"The De La Salle Order has previously acknowledged that some of its members and lay staff abused innocent victims whilst at Rubane Boys' Home or St Patrick's Training School.

"That some Brothers abused boys in their care was in total contradiction of their vocations as De la Salle Brothers and of their mission as established by our founder, namely to look after the welfare and educational needs of deprived, vulnerable and abandoned children."

It added: "We wish also to thank the panel members for their diligence in carrying out an enormous task."

ANON Jan 22nd, 2017 @ 12:22 PM

3/3...The Irish Norbertines said: "The Irish Norbertines recognise the tragic harm and hurt caused to innocent children by Brendan Smyth, a deceased member of our community, as outlined in the report, published today.

"We again unreservedly apologise most sincerely for the hurt and harm caused to so many young people, while also accepting that our management of the man concerned and the accusations presented to us was grossly inadequate."

The Sisters of St Louis said: "We are saddened that any child suffered while under our care at the former St Joseph's Training School, Middletown, and we offer a heartfelt apology.

"We appreciate how difficult it must have been for the eight former residents to come forward to tell their stories and hope that the conclusions of the inquiry will bring healing and hope to their lives.

"The Sisters of St Louis will consider the full report, its findings and deliberations and will work with The Executive Office of the Northern Ireland Assembly in addressing the recommendations in the report."

The Diocese of Down and Connor said: "The Diocese of Down and Connor apologises wholeheartedly, unconditionally and unreservedly to all those who have suffered abuse and carried the legacy of such appalling experiences from childhood as a result of any failing on the part of a representative of this diocese."

The Congregation of Our Lady of Charity of the Good Shepherd said: "We apologise unreservedly to those former residents whose care fell short of what they needed and deserved."

ANON Jan 21st, 2017 @ 12:32 PM

Historical Institutional Abuse inquiry: We have finally been vindicated, says public face of the survivors…

Campaigners and victims of historic child abuse in Northern Ireland have welcomed the 'long-overdue' findings of systemic failure outlined in the Historical Institutional Abuse (HIA) inquiry report.

Margaret McGuckin, who has been the public face of the campaign for survivors of historical institutional child sex abuse, said it has taken a lifetime for victims to get justice.

"We have been vindicated by this inquiry and I am delighted - this is our day," she said.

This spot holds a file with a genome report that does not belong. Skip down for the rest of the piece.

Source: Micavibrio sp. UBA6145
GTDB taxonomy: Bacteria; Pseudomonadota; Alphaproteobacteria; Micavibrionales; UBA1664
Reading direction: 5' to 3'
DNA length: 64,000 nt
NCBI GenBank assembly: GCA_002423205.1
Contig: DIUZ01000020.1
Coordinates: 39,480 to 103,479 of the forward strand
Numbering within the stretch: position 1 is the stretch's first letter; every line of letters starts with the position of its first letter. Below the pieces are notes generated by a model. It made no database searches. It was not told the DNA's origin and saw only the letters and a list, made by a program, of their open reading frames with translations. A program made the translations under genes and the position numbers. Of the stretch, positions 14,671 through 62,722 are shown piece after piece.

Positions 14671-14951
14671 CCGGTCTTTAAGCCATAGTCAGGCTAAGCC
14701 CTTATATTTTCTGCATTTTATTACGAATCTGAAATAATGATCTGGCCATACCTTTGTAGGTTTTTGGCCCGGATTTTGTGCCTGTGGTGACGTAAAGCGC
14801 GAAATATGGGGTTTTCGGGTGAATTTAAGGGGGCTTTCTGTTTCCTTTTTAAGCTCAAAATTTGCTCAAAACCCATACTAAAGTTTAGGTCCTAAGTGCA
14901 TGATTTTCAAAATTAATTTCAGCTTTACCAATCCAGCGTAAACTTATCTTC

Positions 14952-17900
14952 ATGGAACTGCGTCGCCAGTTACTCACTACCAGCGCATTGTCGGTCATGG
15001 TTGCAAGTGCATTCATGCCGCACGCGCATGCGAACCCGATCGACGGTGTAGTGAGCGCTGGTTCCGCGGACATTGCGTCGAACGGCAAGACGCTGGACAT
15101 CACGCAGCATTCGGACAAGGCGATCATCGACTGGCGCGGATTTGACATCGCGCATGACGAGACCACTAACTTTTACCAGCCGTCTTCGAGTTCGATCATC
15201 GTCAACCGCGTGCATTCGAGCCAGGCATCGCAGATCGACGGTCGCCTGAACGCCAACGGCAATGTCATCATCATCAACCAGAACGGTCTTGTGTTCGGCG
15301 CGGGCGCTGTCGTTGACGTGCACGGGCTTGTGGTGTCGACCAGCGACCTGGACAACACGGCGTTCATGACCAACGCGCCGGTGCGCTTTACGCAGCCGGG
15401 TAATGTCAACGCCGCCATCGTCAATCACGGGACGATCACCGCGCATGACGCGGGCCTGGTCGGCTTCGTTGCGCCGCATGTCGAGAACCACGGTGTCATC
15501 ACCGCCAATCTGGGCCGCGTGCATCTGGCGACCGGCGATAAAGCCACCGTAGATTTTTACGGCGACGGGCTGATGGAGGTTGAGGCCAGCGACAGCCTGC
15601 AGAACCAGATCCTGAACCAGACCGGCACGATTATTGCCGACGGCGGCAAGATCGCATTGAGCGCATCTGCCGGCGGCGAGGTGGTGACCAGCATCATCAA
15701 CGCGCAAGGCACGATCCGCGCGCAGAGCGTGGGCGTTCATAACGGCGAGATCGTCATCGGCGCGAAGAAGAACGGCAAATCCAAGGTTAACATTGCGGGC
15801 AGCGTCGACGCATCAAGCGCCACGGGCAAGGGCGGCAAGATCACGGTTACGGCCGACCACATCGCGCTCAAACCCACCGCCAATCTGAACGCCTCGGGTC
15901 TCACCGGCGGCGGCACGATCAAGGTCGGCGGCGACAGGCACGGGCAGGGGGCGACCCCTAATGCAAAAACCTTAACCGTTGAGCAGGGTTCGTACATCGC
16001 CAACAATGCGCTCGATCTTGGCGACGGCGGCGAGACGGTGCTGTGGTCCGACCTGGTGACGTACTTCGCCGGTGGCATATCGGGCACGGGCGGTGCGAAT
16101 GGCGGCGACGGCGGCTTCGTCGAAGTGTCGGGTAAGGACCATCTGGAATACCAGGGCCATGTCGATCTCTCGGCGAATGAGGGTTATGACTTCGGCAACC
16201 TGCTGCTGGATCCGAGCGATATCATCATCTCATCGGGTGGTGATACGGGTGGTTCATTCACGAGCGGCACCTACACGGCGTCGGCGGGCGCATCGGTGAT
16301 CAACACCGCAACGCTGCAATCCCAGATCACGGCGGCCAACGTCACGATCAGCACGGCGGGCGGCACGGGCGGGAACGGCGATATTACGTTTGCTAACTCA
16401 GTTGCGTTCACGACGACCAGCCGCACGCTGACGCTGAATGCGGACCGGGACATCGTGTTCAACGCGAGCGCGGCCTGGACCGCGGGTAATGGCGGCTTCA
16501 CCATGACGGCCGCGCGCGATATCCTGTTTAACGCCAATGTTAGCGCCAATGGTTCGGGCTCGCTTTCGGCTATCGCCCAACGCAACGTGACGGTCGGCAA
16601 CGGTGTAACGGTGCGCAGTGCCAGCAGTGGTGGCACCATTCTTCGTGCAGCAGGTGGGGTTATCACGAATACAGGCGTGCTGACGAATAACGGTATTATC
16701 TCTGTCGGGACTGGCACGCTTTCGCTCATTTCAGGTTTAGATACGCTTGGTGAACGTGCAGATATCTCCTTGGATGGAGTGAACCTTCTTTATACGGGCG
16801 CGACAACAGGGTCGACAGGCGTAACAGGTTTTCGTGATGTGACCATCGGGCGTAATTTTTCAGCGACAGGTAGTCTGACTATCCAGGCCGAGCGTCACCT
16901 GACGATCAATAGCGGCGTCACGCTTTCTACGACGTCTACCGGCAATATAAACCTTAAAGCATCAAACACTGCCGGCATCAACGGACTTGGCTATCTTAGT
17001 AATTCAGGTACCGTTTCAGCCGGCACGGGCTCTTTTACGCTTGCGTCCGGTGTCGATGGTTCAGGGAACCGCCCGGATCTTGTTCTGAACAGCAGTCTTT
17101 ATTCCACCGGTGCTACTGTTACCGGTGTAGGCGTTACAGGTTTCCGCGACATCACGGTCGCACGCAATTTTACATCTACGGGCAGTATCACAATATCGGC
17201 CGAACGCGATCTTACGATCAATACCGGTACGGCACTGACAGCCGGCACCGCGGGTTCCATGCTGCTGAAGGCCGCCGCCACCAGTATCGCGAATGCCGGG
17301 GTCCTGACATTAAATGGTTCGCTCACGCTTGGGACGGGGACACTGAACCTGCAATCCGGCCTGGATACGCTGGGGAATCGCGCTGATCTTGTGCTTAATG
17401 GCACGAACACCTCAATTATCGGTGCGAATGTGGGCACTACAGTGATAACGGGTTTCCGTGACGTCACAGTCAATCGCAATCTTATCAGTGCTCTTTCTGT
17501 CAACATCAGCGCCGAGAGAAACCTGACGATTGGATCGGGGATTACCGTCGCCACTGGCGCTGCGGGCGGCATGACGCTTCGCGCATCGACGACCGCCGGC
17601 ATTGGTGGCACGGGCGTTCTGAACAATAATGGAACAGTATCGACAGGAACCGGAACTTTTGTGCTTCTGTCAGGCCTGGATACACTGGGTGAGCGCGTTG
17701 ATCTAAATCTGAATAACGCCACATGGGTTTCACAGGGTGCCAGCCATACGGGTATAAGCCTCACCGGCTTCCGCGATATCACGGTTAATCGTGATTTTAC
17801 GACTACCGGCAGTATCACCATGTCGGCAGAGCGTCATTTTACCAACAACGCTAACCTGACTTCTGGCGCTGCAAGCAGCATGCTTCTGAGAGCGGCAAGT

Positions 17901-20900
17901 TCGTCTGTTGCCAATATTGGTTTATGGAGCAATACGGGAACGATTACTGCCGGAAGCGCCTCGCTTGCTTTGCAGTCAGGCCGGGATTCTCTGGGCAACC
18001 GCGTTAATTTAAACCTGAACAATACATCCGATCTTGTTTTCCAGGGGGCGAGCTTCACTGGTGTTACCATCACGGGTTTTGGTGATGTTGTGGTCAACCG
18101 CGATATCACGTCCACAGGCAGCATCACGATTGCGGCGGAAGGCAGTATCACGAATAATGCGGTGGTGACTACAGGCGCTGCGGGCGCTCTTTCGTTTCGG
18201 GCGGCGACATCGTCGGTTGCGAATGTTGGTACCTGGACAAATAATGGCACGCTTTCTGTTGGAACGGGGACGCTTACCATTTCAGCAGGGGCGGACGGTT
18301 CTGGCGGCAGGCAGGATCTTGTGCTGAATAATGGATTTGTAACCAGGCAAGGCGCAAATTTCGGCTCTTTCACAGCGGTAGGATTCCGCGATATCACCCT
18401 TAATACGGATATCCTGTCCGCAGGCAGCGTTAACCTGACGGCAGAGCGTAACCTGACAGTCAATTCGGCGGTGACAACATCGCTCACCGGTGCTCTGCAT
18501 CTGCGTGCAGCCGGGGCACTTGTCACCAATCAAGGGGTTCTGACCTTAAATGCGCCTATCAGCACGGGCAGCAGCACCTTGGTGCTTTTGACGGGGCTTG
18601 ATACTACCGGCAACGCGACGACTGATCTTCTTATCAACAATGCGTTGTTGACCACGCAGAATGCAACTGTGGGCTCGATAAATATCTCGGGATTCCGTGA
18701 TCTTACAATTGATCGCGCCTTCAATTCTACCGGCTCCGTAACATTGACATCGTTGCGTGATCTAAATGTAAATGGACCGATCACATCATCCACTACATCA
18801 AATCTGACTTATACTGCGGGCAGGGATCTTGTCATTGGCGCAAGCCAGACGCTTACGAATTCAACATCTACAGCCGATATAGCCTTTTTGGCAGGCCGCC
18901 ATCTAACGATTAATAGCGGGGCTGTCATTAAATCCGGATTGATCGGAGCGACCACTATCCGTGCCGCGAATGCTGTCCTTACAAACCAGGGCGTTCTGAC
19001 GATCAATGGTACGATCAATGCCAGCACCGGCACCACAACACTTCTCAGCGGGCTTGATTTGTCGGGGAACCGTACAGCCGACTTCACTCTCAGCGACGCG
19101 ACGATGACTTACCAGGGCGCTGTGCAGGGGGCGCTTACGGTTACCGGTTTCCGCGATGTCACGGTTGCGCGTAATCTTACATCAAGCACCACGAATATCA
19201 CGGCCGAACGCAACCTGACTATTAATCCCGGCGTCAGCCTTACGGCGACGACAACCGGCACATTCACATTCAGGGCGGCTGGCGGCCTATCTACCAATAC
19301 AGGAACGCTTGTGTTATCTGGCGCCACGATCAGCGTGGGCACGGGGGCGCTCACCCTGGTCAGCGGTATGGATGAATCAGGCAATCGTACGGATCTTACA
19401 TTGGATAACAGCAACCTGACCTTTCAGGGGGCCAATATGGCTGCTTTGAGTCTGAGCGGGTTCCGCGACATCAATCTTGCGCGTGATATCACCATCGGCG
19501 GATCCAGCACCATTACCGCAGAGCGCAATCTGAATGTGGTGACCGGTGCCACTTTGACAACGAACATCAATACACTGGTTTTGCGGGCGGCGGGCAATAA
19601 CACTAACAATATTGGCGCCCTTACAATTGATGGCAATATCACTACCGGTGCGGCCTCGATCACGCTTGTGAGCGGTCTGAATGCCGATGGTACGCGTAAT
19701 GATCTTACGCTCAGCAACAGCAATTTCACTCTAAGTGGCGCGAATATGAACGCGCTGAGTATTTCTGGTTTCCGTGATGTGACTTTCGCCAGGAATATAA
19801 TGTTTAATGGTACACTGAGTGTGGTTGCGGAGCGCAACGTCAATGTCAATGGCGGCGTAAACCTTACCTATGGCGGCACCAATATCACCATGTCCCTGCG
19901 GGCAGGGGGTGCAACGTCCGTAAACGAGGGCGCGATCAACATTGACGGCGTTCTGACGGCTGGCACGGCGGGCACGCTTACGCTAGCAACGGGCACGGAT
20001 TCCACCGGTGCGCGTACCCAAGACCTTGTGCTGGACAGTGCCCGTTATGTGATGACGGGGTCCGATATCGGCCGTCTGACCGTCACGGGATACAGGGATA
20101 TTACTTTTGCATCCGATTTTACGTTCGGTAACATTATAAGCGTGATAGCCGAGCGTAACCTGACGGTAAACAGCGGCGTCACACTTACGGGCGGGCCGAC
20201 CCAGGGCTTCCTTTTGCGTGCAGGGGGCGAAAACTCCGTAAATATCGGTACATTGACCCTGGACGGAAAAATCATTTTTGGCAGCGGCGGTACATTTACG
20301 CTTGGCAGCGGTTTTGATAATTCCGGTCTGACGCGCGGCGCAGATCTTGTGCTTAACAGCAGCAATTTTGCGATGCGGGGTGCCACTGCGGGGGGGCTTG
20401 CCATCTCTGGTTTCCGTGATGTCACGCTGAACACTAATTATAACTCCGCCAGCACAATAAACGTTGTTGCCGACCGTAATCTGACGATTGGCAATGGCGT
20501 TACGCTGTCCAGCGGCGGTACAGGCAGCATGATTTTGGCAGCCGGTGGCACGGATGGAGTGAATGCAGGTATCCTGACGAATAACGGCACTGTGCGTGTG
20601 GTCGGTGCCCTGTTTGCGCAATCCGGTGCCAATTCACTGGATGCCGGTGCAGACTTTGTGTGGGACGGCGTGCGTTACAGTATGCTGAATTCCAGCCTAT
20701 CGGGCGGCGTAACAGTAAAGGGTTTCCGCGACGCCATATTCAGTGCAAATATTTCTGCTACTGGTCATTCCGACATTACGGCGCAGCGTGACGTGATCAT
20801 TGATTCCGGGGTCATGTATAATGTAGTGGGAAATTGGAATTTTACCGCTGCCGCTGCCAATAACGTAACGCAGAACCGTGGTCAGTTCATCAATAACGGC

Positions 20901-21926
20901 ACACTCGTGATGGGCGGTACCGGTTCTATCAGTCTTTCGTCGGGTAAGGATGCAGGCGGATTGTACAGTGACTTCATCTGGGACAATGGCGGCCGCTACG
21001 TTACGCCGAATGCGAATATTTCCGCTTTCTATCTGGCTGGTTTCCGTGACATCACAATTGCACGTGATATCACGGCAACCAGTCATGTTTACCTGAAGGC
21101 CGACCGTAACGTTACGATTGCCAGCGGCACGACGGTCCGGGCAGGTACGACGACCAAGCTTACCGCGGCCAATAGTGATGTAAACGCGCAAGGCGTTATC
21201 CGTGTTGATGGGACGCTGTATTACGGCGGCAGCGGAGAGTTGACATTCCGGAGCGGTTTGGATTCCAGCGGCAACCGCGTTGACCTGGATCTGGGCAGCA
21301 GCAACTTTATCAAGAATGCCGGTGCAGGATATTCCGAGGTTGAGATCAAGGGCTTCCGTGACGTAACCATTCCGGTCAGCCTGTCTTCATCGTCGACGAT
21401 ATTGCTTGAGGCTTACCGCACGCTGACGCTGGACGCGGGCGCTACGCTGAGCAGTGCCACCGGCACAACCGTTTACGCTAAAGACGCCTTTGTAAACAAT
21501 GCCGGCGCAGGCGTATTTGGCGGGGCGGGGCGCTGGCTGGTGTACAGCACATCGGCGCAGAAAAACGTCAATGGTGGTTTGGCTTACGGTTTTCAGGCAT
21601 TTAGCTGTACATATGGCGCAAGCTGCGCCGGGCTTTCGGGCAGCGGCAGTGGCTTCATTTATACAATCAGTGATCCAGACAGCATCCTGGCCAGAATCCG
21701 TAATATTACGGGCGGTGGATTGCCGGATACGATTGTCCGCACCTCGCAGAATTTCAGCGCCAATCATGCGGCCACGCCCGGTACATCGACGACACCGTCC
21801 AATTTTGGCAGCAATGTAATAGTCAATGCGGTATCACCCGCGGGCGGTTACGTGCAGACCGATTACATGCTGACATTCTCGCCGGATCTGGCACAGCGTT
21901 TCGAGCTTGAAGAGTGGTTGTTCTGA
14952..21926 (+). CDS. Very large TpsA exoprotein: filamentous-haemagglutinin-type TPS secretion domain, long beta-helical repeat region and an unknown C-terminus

"It has taken a lot of victims their whole lives to get justice, but that is what we got today.

"It will never erase the terrible memories or diminish the sadness that has become an integral part of many of us because nothing can undo the damage.

There are still too many secrets being carried.

"When we spoke out about the abuse no one would believe us at the time because we were children and it was continually covered up but at least now the world finally knows the truth.

"Sir Anthony Hart repeatedly spoke of systemic failings and I am happy with that; for once we haven't been let down.

“All that remains is for the Executive to take the recommendations forward and we will be at Stormont on Monday to make sure they commit to this process."

Jon McCourt, from the North West Survivors group in Londonderry, said Sir Anthony Hart had listened and that political representatives now had to listen.

"We want the rest of the delivery of what the HIA report entails," he said.

"Don't let us down now."

Meanwhile, high-profile former army officer Colin Wallace, who declined to assist the inquiry, has criticised its findings.

Colin Wallace, who served in Northern Ireland between 1971 and 1974, had been a leading voice in claims about an alleged cover-up by intelligence services of sex abuse at the former Kincora Boys' Home - which the HIA rejected.

He said: "I feel the victims have been let down yet again, as they were by previous inquiries."

ANON Jan 21st, 2017 @ 12:26 PM

1/2…Northern victims of child abuse ‘should get €115,000’, says inquiry…

Victims of historic child abuse in the North should receive State-backed compensation payments of up to £100,000 (€115,000), an inquiry has recommended.